I don’t CARE what anyone thinks. I’m not a lost 19 year old, who’s too smart to be making stupid choices, struggling to be an adult and make adult decisions with my teenage understanding, anymore. He’s not an unsupervised teenage whirling-dervish who’s too smart and too good-looking for his own damn good, anymore. We actually ARE adults, now. We will do what we want. We will do what makes us feel good and what makes us happiest and we will do it whether anyone approves or not.

After saying all of this to Joshua, he laughed at me and said “Of course you don’t care. That’s always been your truth.”

I don’t know if that’s an accurate assessment of me, but I like it.

Falling, Flying, Tumbling Into Turmoil


There’s just a lot that’s been happening in my life, recently. It’s all jumbled around in my head, and finding the words for it all has been difficult. But I suppose I’ll just try and start writing, and maybe it’ll get easier.

I’ve been in a state of hyper-emotion for the last month or two. Like I’m on the verge of hysteria or weeping at any given moment. I’m sure there are a number of reasons for this, and I’ll delve the deeper ones later. Right now? I’m gonna talk about a small, startling, cautiously exciting change —

My voice has been back for about 8 weeks now. Clear as a damn bell and hitting notes my vocal chords had forgotten how to create. I do not understand it. It’s been gone for four fucking years and now it’s just…back? My friend Taylor says that my vocal folds have been trying to heal themselves because that’s what the body does. I suppose he’s right, because I certainly don’t have a better explanation, and he would know. But it’s been back, and back in a serious way.

For my entire life, singing has been as natural to me as breathing. It’s not something I think about. I’ve been known to sing without even realizing I’m doing it. This has always been a fact of my life. So the last few years without that ability have been something akin to emotional hell for me. I have had actual crying heartbroken meltdowns for the loss of my voice more heartfelt and dramatic and traumatic than for the ending of relationships. I spent the first two years after its disappearance feeling bereft and confused and depressed. I started voice lessons and singing professionally when I was 5 years old. Suddenly, I was 26, and the one thing I had identified as – a singer – for two decades was gone. Poof. Vanished.

I still had a voice – actually, a far far better than average voice. It was still a voice that caught attention. Made people listen. Made people smile. Got strangers to ask about my musical background or my theatrical plans for the future. Got me a lot of free drinks in karaoke bars. But it was a voice that was operating at about 20% of what it could be. Of what it was. Of what it had been. And, even if others couldn’t tell, I could, and that was enough for me to back off from my twenty year long dream of being a Broadway actress. Of being Bernadette Peters. Of being extraordinary.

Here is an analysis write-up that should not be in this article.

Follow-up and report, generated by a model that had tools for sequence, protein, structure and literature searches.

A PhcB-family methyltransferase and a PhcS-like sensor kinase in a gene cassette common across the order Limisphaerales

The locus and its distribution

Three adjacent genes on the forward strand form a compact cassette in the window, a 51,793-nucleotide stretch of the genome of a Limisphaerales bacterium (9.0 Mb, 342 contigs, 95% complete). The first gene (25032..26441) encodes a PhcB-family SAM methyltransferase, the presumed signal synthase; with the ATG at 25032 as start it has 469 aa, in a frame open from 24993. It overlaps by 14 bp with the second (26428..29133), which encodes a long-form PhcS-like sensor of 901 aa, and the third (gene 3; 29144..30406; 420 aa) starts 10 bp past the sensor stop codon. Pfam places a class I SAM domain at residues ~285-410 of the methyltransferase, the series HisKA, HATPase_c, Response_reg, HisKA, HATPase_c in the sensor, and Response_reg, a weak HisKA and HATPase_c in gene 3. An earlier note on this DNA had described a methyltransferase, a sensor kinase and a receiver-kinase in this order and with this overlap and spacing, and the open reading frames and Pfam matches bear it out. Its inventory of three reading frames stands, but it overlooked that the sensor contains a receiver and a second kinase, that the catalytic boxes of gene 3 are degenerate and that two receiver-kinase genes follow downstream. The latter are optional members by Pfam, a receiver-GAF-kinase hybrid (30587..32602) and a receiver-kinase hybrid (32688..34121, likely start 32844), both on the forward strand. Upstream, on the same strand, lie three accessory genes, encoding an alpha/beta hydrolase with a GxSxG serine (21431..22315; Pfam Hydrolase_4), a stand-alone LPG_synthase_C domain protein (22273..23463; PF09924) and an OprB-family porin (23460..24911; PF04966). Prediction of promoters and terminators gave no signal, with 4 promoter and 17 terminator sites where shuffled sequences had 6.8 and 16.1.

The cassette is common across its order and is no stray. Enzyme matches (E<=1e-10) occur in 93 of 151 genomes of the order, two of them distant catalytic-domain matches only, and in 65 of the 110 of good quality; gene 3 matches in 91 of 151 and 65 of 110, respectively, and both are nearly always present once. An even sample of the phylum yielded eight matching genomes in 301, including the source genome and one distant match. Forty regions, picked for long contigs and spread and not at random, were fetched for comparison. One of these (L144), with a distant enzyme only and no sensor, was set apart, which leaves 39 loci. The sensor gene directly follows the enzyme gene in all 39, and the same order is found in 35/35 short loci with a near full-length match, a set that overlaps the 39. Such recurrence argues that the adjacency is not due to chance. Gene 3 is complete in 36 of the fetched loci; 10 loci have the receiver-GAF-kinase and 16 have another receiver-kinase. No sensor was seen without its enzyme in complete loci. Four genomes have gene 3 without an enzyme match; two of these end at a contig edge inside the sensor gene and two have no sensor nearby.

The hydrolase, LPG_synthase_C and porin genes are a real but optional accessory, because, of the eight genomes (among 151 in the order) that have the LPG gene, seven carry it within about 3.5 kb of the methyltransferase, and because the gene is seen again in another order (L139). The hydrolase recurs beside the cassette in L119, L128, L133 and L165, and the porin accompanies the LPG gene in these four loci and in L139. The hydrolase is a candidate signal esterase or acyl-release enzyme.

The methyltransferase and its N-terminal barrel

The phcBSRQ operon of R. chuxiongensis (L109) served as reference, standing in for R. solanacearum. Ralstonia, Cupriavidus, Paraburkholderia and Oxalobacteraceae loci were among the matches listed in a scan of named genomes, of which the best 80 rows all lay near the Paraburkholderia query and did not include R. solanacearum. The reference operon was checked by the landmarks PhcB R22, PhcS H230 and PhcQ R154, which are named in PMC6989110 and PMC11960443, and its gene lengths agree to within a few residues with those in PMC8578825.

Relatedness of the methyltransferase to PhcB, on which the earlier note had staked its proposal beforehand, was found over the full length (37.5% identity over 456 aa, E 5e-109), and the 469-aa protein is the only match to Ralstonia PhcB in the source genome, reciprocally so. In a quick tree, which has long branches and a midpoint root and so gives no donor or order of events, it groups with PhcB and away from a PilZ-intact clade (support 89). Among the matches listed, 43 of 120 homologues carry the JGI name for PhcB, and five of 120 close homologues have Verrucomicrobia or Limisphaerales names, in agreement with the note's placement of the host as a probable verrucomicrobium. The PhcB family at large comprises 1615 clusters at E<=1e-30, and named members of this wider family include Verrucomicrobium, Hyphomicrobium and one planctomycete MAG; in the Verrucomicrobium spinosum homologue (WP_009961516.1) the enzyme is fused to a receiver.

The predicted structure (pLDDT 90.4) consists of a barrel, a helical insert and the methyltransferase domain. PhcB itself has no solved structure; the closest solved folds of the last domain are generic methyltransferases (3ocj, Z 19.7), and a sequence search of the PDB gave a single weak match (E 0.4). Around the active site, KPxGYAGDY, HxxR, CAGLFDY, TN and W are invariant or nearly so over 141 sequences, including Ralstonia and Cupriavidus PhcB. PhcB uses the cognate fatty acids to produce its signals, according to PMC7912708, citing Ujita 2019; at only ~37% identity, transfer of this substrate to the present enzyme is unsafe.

So I spent the first two years of my vocal drought floundering and stressing and weeping and railing at my loss. I couldn’t even talk about it. If I tried, I would start crying, and wouldn’t be able to stop. My sense of self worth, for most of my life, had been tied to what was, honestly, an incredible gift. The mantra of my childhood was “be careful of your voice”. So when it went, I had no idea who I was anymore. When it went, I had no idea what that could mean for my life or my future. I stopped listening to Broadway music – which I had listened to ALMOST exclusively since I was born – because the urge to sing was a PHYSICAL one, and my vocal chords refused to cooperate with the muscle memory. When people continued to compliment my singing, it took everything in me not to roll my eyes. Not to tell them that they had no idea. I stopped telling guests at my bar that I had moved to the city to pursue musical theatre. Because if they asked what I was doing with it, or if I was “in anything” now, I had no follow-up.

“Nope. Just bartending.” isn’t what tourists want to hear. They want to know that you’re a small towner MAKING IT in the big city. They want to know why a girl from TEXAS would move herself across the country and they want to know that she is succeeding. They want to believe that it can happen for anyone who puts their mind to it.

So I stopped telling people that. I said, shortly, “theatre” or I would wax nostalgic about the amazingness that is New York. (Tourists LOVE that shit.)

And then I spent the next two years getting over it. Mourning the loss like an adult who has more going for her than just the one thing, instead of like someone who has simply lost the only identifying thing that she believed made her special or set her apart. I learned that there are other things I love and am particularly skilled at. Wine, for example. Working behind the bar. Cultivating relationships with people and learning their very specific bar quirks. I put my theatrical training to use by being the happiest, bubbliest, most outgoing bartender on the upper west side. And, after a year, it worked. I managed to trick even myself into believing that I WAS all of those things. There’s a cliched adage about smiling making you feel happy even when you’re not. And there’s a reason that saying exists. It’s absolutely true. Eventually, I missed my voice less and less. It didn’t cripple me when I couldn’t hit a note. (Not being able to join in on Christmas carols was effing hard, but other than that…) I learned how to fill my life back up with all of the other things I was interested in and good at.